I conclude that any sharing of a bed was not done as a mutual expression of comfort, love, companionship or sexual satisfaction. It could not have been more platonic.

This was in addition to other evidence that persuaded the court that the parties were truly just friends, and that their relationship was mutually convenient. Neither of them supported the other financially, nor did they assist each other in pursuing their career. They essentially maintained separate lives and residences.

Tellingly, there was no evidence that he and the woman socialized as a couple, nor that they pooled their resources or had joint bank accounts. The man’s workplace colleagues all thought he was single, and he dated other women from time to time. The extent of their interaction seemed to involve playing sports, eating out and travelling.

On this basis – and after noting that the woman’s evidence lacked credibility in important respects – the court ultimately concluded that the pair were not in a conjugal relationship either before or after their 1989 divorce, stating:

When I take all of this into account and consider the evidence closely, giving [the woman] every allowance, and considering the evidence as a whole, I conclude that her testimony is not reliable or credible in many important respects. In the result, I do not believe her on the important aspects of her characterization of the relationship and many of issues raised in respect of her financial circumstances. Although I am also skeptical of the likelihood that a man could allow a woman to live with him and even sleep in his bed for so many years without being in a conjugal relationship, I conclude this was indeed how they lived.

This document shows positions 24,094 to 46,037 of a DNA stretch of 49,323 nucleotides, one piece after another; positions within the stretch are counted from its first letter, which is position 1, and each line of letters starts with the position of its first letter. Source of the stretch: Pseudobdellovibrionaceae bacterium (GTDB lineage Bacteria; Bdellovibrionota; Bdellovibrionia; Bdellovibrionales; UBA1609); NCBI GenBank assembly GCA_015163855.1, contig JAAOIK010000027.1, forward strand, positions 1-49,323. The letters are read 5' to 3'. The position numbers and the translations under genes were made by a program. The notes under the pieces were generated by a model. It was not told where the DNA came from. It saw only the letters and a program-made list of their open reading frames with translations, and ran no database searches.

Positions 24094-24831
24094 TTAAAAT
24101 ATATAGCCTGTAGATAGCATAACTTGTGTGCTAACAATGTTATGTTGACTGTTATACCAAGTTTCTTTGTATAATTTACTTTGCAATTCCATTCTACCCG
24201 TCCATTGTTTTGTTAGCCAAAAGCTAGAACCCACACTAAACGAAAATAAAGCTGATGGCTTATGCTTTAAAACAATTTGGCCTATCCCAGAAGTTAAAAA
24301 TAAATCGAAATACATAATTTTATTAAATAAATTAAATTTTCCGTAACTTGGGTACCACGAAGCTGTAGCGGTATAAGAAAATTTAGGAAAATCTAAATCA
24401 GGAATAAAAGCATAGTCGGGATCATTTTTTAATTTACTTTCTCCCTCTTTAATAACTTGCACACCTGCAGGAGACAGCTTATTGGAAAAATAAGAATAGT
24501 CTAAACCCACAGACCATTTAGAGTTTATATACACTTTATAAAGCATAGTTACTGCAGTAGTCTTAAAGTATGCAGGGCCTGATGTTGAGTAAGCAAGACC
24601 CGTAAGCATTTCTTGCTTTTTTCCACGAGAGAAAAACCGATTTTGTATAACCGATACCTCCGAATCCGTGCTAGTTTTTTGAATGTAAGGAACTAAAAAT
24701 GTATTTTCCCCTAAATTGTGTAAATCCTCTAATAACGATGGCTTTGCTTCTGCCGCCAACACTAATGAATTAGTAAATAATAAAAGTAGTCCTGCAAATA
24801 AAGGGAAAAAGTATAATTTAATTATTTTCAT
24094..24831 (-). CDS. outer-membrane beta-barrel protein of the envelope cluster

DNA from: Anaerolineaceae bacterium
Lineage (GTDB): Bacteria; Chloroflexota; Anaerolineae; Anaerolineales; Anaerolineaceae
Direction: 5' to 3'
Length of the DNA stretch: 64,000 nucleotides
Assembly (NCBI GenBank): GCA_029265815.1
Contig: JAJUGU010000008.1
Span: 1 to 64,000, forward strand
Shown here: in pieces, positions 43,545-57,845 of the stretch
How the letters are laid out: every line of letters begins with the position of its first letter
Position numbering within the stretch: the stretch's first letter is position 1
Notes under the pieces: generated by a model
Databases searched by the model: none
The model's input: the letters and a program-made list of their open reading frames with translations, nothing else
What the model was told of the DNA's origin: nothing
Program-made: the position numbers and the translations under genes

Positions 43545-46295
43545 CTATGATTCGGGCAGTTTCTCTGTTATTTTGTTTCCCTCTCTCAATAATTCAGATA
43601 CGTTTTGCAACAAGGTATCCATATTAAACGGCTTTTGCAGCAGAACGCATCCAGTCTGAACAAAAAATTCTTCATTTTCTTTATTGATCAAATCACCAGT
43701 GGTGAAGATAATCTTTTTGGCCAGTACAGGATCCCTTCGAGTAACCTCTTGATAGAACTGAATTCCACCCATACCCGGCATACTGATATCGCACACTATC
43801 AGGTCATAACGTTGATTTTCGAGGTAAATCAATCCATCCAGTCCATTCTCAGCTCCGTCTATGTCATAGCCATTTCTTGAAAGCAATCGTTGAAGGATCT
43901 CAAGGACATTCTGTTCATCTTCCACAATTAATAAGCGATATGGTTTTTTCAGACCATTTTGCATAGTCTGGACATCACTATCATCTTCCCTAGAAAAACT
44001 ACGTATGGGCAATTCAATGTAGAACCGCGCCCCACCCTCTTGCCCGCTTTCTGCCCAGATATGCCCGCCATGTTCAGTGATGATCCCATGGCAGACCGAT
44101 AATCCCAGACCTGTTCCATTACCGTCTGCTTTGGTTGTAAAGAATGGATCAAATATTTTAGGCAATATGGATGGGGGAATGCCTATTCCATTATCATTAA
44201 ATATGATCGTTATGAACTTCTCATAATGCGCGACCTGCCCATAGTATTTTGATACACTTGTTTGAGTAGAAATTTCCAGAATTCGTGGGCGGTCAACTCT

It was probably the relaxed “friendship” of a man and woman, mutually convenient to each, based on individual personalities and separate motivations — but not a relationship of trusting partners, throwing their lot in life together, sharing and mutually supporting one another in conjugal love. …

The court ruled that the woman was not entitled to spousal support in the circumstances.

For the full text of the decision, see:

Feng v. Philips, 2005 CanLII 51909

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About the author

Russell Alexander

Russell Alexander is the founder of Russell Alexander Collaborative Family Lawyers and is the firm’s senior partner. At Russell Alexander, our focus is exclusively family law, offering pre-separation legal advice and assisting clients with family related issues, including: custody and access, separation agreements, child and spousal support, division of family property, paternity disputes, and enforcement of court orders. We have locations in Toronto, Markham, Whitby (Brooklin), Oshawa, Concord, Lindsay, and Peterborough.

For more information, visit our website, or you can call us at: 905-655-6335.